- Rhonda Kampert used her recovered Bitcoin to help her daughter, Megan, through university.
- But when she saw headlines late in 2017 announcing that the value of Bitcoin had risen to nearly $20,000 she excitedly went to her computer to log in and cash out.
- She was missing some of the login details for her Bitcoin wallet.
When bitcoins were the talk of the internet in 2013 Rhonda bought six as reported by BBC.
Rhonda Kampert was an early adopter.
She bought six Bitcoins in 2013 when they cost about $80 (£60) each and were the chatter of niche corners of the internet.
“I used to listen to a radio talk show and they started talking about crypto and Bitcoin so I got interested,” she says.
“Back then buying it was so complicated but I fumbled my way through the process and bought my coins.”
Rhonda, who lives in the US state of Illinois, spent some of her digital money over the next year or so, then forgot about it.
But when she saw headlines late in 2017 announcing that the value of Bitcoin had risen to nearly $20,000 she excitedly went to her computer to log in and cash out.
It was awful
She was missing some of the login details for her Bitcoin wallet – a computer program or device that stores a set of secret numbers, or private keys.
“I realised then that my printout had missed some digits on the end of my wallet identifier.
I had a piece of paper with my password but no idea what my wallet ID was,” Rhonda says.
I tried everything for months but it was hopeless.
Fast forward to last spring and the value of Bitcoin soared above $50,000 – more than 600 times what Rhonda had paid eight years earlier.
Filled with a renewed determination to find her coins, she hit the internet and came across father and son crypto treasure hunters Chris and Charlie Brooks.
“After talking to the guys online for a while I trusted them enough to hand over all the details I could remember.”
“Eventually we sat down together on a video call and watched everything happen.”
Chris opened the wallet and there it was.
“I gave Chris and Charlie their 20%, then the first thing I did was take out $10,000 worth of my coins to help my daughter Megan through college.”
She says she’s keeping the rest locked away in a hardware wallet – a security device like a USB stick that stores her details offline.
There are plenty of Rhondas out there who need help.
One estimate from crypto researchers Chainalysis suggests that out of the 18.9 million Bitcoins in circulation, as many as 3.7 million have been lost by owners.
And in the decentralised world of crypto-currency, no one is in charge – so if you forget your wallet login details there aren’t many places you can turn to.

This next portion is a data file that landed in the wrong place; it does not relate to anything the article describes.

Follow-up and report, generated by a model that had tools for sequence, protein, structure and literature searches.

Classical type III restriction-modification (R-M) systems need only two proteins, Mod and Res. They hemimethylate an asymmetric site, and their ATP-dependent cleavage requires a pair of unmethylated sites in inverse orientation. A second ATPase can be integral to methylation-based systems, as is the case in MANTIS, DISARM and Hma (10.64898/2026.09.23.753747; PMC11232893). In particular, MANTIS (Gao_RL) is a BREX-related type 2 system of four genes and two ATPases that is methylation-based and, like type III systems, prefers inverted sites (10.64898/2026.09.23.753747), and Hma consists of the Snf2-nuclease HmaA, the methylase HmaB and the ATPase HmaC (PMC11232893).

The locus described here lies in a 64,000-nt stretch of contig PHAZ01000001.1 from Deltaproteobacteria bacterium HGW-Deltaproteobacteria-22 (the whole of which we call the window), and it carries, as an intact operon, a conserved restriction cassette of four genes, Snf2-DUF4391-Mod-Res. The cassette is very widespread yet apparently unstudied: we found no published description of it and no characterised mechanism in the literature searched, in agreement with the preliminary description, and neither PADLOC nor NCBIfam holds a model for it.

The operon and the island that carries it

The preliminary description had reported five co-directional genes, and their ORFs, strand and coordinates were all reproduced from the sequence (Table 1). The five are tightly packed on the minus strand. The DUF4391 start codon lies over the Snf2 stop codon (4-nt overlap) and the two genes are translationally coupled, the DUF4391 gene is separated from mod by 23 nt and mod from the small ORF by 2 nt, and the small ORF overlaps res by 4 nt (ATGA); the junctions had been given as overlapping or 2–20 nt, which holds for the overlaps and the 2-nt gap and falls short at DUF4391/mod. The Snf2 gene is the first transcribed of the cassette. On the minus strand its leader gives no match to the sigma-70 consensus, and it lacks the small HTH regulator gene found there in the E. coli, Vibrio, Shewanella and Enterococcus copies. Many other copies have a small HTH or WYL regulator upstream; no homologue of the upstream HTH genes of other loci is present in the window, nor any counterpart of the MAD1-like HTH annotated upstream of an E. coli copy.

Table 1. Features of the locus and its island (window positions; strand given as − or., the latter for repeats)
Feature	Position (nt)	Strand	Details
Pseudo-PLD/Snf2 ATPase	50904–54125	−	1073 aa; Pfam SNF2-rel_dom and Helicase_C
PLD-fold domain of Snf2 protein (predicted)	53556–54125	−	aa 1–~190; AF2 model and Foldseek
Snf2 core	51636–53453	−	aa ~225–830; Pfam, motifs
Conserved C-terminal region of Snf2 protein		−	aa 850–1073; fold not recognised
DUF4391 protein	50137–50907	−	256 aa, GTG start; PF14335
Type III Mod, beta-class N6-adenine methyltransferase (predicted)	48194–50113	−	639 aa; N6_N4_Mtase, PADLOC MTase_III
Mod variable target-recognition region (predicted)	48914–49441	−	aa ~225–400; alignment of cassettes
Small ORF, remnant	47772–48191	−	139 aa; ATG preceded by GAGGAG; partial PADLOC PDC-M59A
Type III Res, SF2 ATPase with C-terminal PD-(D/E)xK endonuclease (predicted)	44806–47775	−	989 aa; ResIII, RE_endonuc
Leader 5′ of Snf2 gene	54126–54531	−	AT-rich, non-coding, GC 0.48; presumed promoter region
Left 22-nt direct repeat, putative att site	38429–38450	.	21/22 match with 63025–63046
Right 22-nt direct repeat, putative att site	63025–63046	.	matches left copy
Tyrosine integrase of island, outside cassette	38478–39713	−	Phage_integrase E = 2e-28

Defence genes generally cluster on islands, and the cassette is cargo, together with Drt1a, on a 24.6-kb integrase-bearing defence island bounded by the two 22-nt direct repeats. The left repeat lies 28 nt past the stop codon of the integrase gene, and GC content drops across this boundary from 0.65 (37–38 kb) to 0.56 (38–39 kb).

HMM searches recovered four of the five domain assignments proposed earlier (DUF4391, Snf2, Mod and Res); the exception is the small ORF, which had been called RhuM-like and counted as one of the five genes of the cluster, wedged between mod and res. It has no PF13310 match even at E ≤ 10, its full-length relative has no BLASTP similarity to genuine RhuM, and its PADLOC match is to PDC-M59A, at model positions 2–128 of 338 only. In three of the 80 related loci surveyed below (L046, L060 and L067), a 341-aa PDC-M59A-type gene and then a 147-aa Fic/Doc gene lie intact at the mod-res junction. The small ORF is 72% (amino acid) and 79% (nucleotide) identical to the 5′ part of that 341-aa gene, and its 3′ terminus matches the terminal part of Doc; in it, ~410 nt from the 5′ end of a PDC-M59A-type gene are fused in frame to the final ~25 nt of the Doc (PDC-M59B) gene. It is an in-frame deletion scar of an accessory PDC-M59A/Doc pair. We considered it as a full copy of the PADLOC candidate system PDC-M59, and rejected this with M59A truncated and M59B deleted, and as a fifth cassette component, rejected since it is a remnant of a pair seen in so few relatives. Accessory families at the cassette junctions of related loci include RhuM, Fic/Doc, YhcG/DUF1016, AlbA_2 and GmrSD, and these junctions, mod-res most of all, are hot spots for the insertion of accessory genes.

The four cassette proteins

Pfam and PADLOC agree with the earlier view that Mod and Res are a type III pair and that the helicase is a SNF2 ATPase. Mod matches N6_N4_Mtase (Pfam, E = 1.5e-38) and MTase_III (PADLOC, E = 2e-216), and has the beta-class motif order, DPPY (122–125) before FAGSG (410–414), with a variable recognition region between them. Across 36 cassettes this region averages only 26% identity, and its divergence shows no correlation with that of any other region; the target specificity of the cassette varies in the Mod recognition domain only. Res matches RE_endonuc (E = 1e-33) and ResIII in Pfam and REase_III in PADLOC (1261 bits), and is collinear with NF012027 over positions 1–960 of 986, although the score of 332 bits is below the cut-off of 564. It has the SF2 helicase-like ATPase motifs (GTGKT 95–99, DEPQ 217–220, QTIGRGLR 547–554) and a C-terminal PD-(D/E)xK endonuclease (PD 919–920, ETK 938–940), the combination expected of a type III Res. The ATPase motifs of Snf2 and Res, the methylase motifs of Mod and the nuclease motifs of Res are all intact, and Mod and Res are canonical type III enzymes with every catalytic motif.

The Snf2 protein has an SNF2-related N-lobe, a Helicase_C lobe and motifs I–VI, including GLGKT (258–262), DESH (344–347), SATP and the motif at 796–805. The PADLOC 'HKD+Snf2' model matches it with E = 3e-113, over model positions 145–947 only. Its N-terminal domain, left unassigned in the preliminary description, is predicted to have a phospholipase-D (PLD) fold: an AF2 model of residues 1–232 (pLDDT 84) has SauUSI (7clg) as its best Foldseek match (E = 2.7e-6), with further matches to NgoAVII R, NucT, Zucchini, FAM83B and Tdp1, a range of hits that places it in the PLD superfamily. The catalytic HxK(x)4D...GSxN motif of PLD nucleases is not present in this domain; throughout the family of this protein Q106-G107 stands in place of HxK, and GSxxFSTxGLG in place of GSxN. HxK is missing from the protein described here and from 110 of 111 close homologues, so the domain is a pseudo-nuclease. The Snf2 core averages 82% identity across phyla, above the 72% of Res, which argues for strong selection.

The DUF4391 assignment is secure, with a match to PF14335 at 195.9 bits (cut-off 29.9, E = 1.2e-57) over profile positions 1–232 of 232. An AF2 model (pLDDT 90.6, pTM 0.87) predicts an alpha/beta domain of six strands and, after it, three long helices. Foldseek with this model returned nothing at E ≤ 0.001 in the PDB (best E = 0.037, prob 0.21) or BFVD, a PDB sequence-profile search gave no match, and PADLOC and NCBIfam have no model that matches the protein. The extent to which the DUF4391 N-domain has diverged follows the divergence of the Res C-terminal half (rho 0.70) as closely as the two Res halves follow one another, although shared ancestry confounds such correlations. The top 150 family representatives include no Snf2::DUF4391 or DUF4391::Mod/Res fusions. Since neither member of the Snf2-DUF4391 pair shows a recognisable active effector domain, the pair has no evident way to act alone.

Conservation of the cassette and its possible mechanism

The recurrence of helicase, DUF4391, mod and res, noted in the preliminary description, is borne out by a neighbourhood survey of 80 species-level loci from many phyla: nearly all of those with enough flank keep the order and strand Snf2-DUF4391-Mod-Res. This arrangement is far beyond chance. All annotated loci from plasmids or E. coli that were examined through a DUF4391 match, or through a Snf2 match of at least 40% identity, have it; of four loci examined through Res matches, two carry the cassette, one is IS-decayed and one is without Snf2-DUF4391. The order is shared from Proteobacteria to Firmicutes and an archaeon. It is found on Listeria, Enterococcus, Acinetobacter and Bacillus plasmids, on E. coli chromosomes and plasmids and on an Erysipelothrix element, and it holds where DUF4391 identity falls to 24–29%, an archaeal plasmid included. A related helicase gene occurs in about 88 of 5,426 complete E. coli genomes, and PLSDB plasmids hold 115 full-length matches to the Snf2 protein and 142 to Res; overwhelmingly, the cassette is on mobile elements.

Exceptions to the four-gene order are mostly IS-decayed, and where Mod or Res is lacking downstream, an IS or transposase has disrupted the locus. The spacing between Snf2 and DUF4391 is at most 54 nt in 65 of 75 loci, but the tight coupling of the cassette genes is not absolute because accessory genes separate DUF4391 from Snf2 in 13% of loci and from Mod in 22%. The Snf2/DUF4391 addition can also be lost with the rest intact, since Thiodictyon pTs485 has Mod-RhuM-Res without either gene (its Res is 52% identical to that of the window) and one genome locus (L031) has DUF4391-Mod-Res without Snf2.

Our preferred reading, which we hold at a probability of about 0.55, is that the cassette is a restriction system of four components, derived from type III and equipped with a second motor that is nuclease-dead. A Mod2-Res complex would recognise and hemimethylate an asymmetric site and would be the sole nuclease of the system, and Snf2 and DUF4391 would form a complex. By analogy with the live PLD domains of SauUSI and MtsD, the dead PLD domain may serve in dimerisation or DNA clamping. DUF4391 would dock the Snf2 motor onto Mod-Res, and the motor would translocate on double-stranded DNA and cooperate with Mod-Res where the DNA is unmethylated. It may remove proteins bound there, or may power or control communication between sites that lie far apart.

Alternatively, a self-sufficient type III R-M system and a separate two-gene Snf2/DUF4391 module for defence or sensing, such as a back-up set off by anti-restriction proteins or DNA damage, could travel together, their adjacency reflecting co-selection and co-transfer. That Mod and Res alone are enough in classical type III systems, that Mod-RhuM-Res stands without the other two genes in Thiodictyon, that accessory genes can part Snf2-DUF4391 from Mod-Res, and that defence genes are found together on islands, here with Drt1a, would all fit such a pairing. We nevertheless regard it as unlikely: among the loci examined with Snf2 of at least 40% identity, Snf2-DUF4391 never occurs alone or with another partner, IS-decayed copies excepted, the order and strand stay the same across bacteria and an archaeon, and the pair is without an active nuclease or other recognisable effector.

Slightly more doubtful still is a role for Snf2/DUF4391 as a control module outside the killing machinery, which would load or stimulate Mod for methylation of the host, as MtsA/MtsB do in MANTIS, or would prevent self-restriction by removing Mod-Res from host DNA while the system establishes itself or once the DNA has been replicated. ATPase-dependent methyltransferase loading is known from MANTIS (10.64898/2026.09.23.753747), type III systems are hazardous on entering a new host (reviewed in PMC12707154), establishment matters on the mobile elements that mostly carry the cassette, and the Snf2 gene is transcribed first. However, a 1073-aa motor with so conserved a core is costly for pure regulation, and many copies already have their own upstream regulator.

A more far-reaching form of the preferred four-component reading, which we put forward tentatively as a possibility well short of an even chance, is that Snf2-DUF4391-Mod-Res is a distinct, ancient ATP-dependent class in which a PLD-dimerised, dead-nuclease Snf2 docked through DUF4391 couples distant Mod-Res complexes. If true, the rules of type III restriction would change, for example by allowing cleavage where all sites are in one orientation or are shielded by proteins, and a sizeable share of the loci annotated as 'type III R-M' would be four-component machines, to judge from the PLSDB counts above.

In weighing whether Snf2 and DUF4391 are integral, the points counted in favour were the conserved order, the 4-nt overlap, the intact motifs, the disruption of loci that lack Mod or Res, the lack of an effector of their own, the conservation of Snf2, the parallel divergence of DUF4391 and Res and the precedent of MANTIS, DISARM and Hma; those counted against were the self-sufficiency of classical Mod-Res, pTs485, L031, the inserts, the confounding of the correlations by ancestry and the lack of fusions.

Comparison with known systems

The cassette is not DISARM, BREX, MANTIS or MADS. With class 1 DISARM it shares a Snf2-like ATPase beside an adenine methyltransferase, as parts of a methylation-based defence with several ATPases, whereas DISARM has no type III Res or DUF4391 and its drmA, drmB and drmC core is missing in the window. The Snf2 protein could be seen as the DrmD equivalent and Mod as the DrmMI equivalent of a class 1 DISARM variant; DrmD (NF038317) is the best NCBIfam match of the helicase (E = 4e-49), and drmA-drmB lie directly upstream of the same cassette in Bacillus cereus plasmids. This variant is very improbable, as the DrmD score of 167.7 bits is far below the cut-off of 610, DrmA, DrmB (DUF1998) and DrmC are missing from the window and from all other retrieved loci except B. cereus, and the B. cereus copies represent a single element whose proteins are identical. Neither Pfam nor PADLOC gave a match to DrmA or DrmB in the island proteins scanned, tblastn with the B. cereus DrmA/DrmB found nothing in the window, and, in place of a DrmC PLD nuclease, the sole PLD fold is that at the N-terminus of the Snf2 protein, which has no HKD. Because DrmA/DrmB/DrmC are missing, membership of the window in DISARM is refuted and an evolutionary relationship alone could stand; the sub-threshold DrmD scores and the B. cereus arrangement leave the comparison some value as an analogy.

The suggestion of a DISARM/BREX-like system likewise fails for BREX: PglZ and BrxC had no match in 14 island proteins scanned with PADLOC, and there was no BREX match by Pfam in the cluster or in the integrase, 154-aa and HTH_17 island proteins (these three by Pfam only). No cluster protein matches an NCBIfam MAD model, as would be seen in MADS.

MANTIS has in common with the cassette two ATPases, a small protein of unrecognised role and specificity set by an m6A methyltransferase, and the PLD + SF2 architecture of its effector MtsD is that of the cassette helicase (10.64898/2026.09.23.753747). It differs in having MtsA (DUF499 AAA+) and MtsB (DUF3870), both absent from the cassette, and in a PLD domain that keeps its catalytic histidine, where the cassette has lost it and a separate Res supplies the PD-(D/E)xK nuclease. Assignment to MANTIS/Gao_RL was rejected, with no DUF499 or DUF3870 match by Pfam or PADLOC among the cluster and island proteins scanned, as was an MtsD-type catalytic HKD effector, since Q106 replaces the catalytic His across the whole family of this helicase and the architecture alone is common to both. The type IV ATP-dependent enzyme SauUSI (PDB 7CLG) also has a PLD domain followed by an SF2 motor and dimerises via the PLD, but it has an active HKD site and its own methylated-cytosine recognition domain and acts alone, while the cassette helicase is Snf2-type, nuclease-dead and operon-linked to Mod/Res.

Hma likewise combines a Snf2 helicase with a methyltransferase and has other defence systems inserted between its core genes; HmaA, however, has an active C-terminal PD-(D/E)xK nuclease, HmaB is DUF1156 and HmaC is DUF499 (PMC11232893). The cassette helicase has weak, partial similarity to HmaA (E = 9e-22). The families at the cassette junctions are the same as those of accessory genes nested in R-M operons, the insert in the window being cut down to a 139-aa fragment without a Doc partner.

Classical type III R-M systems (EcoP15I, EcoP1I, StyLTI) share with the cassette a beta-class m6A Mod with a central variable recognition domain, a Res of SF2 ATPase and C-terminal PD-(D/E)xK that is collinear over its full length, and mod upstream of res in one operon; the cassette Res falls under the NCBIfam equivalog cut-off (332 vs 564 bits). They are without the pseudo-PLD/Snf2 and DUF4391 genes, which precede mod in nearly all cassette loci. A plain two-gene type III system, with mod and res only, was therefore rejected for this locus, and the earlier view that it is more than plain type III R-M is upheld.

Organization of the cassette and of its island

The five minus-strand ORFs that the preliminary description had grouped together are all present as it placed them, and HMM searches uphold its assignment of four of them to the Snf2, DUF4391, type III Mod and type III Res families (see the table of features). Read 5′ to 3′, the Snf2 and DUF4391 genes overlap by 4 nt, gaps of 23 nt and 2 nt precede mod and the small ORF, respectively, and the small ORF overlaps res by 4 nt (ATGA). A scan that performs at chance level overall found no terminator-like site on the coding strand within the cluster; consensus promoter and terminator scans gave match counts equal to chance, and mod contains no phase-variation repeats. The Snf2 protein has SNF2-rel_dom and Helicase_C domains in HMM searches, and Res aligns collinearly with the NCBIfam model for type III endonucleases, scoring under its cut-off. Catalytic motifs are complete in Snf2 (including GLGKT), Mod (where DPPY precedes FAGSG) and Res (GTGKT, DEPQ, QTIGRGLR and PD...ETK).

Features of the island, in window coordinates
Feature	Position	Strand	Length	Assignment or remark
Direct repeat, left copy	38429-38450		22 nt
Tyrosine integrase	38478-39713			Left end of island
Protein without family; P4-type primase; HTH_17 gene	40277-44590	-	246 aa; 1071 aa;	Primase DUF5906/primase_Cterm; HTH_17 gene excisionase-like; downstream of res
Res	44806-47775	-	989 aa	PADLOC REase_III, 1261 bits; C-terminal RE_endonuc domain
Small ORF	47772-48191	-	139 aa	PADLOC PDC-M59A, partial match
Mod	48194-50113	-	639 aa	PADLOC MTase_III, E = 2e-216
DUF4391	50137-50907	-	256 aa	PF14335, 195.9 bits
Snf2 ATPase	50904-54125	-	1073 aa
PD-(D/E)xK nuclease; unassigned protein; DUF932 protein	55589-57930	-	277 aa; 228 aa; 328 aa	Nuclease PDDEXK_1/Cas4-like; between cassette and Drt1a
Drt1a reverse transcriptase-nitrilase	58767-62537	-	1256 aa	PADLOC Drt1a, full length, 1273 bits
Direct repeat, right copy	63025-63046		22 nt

Chris started his business, Crypto Asset Recovery, in 2017, but stopped and focused on other projects for a while.
He then revived it after a conversation with his son, Charlie, a little over a year ago.
“I was on a break from college, and I had done some travelling but was just home workshopping business ideas with my dad,” says Charlie, now 20.
Working from a workshop in their seaside family home in New Hampshire, the father and son began receiving more than 100 emails and calls a day from potential clients the last time the price of Bitcoin peaked, in November 2021.
Now that it has dropped a little they are working through the backlog of cases.
The business is going so well that Charlie has no intention of finishing his computer science degree.
However, the pair joke that they spend their time in perpetual disappointment.
Even then, they’re often disappointed by what they find.
“Most of the time we can’t actually tell what’s inside the wallet so we have to trust the client that there is an amount that’s worth the work we put in,” Charlie says.
We were obviously very professional with him but behind the computer screen, we were like jumping around high-fiving each other, all excited about the potential payday.
“Then on the video call we cracked it open – and it was completely empty.”
In the past year, they say they’ve recovered Bitcoins totalling “seven figures” in value.
The father-and-son team are part of a growing industry of ethical hackers using their skills to help people retrieve mislaid crypto-currency.
“When you break a crypto-wallet, I mean when you break any security really, it feels like magic no matter how many times you do it,” he says.
“Cracking the wallet open was a huge adrenaline rush.
I guess it’s like a technical version of treasure hunting.”
Joe’s day job is teaching manufacturers how to secure their products from hackers but he’s now set up a wallet-unlocking side-business with his first client, Dan Reich.
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